Rose Jaji (PhD), University of Zimbabwe, Harare, Zimbabwe
Young people in Africa are faced with bleak economic prospects and limited employment opportunities regardless of their professional qualifications. Notwithstanding statistics showing that young people below the age of twenty-five constitute the majority of the population in Africa at more than 60% (Ibrahim 2019), African governments have not done enough to create opportunities and give young Africans hope for a better future on the continent. Against this background, migration has captured the imagination of many young Africans despite countless deaths on the Mediterranean Sea as boats unsuitable for the voyage to Europe capsize. African migrants who attempt to cross the Mediterranean Sea are survivors of the perils of the journey to North Africa including the trans-Saharan passage and slavery. There has also been another migration trajectory to the Middle East, predominantly undertaken by young African women. But what prospects await young Africans who arrive in Europe? And how have African migrant women fared in the Middle East?
Many African governments seem oblivious to the fact that they have a responsibility to create enabling environments for citizens to pursue their dreams and aspirations. Universities on the continent continue to churn out graduates despite there being no vibrant labor market able to absorb them. Out of despair and a conviction that their governments do not respect their civil, economic, and political rights, many young Africans are voting with their feet, spurred on in their journeys by despair and the belief that things cannot be worse elsewhere than in their countries; that no place can be worse than home. However, the waves of migration represented by the dangerous voyages via North Africa en-route to Europe appear to a growing number of Europeans as the transfer of Africa’s problems. For many, the images of young African men conjure up the idea of an invasion, which carries connotations of danger framed around the Black Peril, crime, and other social ills stereotypically associated with Africa.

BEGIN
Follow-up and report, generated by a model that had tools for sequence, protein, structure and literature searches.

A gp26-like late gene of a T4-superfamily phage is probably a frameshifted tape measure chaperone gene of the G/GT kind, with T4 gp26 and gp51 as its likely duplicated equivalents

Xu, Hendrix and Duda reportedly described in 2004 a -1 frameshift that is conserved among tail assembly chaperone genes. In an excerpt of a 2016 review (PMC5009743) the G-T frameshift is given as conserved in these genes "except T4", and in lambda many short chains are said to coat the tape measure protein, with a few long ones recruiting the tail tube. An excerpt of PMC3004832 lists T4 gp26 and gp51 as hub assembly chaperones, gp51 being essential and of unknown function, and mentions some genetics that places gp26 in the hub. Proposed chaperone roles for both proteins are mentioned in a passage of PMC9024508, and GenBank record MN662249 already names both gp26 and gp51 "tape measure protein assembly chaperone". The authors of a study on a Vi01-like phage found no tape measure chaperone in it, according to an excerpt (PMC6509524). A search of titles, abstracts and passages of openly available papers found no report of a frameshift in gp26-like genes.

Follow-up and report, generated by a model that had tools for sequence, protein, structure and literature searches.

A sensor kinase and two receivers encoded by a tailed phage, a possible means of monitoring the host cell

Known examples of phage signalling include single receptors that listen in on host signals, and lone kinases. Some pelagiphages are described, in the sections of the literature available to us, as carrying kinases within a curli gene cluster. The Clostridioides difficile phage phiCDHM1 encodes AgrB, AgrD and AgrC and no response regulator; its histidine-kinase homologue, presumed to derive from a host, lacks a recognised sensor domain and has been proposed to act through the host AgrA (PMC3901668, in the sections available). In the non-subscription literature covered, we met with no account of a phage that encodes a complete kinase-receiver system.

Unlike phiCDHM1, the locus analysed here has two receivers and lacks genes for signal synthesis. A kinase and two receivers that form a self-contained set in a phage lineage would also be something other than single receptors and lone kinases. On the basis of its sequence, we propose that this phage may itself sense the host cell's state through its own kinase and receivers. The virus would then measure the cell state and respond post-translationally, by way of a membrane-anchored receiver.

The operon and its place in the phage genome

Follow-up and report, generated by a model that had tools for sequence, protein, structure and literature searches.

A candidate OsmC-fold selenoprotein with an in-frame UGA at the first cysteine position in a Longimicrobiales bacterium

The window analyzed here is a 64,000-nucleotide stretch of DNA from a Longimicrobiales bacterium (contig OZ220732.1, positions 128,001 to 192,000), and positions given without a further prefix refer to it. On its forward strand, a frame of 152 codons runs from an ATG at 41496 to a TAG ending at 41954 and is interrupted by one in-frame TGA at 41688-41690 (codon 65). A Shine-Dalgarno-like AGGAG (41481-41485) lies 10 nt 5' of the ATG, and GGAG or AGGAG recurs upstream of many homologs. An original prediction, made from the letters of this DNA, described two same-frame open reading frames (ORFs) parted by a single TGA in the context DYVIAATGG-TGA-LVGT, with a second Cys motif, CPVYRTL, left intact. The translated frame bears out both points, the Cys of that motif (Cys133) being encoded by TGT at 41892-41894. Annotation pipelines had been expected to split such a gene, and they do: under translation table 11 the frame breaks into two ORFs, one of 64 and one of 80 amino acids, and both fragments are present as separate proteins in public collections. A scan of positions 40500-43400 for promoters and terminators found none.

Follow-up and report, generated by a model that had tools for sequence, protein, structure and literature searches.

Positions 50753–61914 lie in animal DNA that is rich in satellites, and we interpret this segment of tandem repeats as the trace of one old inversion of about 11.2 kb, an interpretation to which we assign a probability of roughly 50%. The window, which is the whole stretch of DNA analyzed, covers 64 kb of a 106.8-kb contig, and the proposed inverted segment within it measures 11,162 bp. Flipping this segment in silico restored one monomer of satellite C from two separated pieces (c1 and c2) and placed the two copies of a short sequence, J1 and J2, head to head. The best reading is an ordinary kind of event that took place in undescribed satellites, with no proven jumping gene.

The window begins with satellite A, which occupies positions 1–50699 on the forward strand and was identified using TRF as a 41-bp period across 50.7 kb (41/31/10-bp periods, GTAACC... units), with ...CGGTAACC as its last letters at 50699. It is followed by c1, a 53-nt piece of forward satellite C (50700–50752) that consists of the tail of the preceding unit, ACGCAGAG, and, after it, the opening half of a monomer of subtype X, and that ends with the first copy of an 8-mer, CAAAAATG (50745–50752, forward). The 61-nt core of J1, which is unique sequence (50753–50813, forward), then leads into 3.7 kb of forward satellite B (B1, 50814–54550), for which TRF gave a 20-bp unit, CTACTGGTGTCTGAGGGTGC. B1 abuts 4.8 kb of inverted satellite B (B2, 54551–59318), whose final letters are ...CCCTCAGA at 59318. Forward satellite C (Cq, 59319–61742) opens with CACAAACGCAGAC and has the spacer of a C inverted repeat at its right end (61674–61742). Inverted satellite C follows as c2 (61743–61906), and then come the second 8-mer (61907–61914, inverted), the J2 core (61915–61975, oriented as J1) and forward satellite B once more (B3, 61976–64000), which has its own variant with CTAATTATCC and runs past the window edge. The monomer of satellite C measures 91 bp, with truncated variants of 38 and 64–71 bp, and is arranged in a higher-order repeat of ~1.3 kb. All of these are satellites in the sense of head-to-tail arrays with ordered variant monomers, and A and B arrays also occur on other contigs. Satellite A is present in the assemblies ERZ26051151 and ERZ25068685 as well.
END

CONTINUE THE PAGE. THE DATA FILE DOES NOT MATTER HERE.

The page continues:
Online commentaries on the impact of African migrants on the aesthetic appeal of Western cities such as Paris present images of African men pestering indifferent tourists in the city’s public spaces to buy their cheap merchandise, along with those of homeless Africans, as an anathema in Western cityscapes. Africans who live under these circumstances in major European cities look very much like “matter out of place” (Malkki 1995). A predictable interpretation of Africans sleeping in the streets is the Africanization of crime and filth, where putrid stenches symbolize “the smell of Africa”. Racialization of social ills draws from the readily available and easily accessible association of Africa with savagery, danger, and pollution. The presence of blackness, continental blackness in this case, induces tension and moral panic notwithstanding that squalor and crime are not racial traits but manifestations of poverty.